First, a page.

Markus has witnessed the cutbacks firsthand in South Florida. “Unfortunately, it’s obvious to anyone who is around the courthouse frequently – there are fewer reporters than there used to be,” Markus said. Mr. Markus laments the change he has seen over years working in Florida’s Southern District. In 1997, “there were a number of reporters who were at the courthouse literally every day. Now, unless there is a big hearing or there is an important part of a trial, reporters generally aren’t at the courthouse.”

So where does the news come from if not the journalists? The answer may be troubling to anyone concerned about the public’s ability to–as Pew puts it–“question information put into its hands.” Indeed, the very entity that should be subject to scrutiny is increasingly filling the void. According to Markus, “the government has a very big media outreach program in which they create – and even write word for word – the news in many cases.” Mr. Markus explained that the media have come to rely on these government press releases.

The resulting problem is immediately apparent–when the public sees stories based on government releases, it gets one perspective. Any sense of impartiality is removed, but the public perception of impartiality in the news remains. Necessarily, there will be problems when the very system journalism seeks to expose to public scrutiny provides the lone perspective and basis for its reporting and the public’s assessment.

Coverage of criminal cases in local trials is not as glamorous as the issue of news cameras in the Supreme Court, another media coverage issue that Markus generally supports. But even Nina Totenberg got started in local trial reporting where she was able to deftly synthesize facts and legal issues for public consumption. And cameras may not solve the problem. If they are present, the issue of providing digestible analysis to the public remains. Reporting on trends in criminal trials provokes the public and prompts government reaction. For example, scrutiny of trends in police interrogations led to the United States’ Supreme Court decisions in Escobedo v. Illinois and Miranda v. Arizona. More recently, reporting like Gary Webb’s Driving While Black has brought attention to systemic issues such as racial profiling in traffic stops. Within the past year, reporting on racial trends in New York City’s controversial stop-and-frisk policy has garnered intense public attention.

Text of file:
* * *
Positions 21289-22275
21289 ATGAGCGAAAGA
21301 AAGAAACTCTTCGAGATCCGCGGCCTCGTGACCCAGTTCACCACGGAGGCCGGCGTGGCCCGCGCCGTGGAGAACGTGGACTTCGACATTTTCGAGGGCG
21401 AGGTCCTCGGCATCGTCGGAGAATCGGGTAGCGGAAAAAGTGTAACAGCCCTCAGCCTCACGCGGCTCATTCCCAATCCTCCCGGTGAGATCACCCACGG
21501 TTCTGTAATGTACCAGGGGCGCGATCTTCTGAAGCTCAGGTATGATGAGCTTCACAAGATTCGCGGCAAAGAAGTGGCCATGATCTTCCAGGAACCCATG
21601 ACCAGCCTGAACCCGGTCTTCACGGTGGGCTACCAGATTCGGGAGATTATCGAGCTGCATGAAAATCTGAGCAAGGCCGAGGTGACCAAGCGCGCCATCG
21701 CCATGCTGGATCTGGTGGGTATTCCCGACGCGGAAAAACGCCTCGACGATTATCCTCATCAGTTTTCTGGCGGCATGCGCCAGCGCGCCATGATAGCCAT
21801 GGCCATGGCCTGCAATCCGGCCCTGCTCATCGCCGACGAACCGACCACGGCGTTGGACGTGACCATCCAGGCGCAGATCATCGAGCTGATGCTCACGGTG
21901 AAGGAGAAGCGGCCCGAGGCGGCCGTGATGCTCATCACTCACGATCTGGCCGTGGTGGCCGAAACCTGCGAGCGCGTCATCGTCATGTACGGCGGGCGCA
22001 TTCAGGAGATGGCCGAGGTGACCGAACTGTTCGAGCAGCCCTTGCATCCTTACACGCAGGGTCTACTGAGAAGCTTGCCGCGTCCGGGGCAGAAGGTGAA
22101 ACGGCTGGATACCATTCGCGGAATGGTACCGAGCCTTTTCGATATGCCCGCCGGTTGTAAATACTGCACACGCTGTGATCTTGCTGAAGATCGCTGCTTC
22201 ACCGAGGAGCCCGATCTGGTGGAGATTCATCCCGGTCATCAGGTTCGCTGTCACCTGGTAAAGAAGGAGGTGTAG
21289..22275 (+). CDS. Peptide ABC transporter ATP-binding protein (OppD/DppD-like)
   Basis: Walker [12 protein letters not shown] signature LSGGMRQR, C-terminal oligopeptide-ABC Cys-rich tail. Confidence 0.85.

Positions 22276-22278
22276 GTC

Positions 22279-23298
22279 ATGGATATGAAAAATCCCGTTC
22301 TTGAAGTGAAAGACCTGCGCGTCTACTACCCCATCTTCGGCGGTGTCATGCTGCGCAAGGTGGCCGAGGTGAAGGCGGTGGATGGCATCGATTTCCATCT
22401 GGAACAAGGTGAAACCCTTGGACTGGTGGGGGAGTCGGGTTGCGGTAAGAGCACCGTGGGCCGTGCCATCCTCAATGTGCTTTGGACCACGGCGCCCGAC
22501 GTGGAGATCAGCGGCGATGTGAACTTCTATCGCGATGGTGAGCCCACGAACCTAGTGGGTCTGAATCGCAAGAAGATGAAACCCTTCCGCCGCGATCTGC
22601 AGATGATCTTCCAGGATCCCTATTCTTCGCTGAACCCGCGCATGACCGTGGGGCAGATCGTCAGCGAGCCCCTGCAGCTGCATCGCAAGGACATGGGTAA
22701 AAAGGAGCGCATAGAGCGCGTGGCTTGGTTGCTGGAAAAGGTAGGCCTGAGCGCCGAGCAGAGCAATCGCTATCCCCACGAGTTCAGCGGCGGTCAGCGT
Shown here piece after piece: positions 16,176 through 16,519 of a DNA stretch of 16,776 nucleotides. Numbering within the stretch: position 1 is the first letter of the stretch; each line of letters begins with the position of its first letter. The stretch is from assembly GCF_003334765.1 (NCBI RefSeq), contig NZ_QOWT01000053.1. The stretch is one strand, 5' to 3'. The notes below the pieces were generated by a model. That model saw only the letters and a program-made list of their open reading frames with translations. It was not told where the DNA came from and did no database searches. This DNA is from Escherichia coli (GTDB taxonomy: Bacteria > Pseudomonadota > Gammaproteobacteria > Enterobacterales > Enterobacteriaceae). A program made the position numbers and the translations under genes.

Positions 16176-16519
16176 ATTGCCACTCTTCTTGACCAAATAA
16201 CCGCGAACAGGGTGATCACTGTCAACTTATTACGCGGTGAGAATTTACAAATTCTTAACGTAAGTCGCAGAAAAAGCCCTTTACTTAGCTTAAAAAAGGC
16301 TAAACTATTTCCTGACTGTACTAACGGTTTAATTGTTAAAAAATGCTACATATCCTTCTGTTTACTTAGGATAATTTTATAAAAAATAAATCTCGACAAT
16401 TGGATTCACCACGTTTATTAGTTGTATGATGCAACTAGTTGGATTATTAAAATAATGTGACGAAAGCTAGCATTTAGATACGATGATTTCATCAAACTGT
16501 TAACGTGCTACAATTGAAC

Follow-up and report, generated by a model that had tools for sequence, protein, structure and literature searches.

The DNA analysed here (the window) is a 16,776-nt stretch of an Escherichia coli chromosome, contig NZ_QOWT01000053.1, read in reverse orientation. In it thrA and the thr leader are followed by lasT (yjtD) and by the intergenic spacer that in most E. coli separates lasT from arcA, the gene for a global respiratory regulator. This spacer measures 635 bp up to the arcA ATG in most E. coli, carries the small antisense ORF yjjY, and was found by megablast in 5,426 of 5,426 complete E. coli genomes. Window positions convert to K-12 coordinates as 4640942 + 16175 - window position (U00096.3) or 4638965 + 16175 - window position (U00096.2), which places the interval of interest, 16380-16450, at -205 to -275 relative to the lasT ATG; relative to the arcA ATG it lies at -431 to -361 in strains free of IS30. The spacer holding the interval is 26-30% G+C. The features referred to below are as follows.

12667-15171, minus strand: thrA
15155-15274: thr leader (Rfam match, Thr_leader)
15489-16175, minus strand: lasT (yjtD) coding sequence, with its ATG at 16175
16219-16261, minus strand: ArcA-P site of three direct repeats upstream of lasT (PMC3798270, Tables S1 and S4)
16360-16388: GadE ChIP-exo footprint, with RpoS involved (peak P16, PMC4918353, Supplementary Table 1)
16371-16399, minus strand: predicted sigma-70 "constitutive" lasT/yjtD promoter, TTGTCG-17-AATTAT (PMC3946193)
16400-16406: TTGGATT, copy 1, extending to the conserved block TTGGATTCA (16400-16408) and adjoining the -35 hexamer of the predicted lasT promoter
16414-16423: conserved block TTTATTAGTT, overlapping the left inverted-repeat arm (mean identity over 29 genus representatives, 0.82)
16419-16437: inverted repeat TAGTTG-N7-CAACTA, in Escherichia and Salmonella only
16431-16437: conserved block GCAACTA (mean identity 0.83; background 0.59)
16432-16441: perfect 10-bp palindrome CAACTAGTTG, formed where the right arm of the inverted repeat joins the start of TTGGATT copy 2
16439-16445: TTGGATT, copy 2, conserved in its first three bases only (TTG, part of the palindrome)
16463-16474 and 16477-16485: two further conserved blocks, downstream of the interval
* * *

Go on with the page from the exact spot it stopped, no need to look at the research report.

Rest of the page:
Markus suggests that social media has helped by making coverage easier. Cameras may also be a step in the right direction by giving the public easier access. However, unless experienced reporters are documenting and exposing the problems and trends in criminal trials to the public, there is legitimate cause for Justice Kennedy’s concern.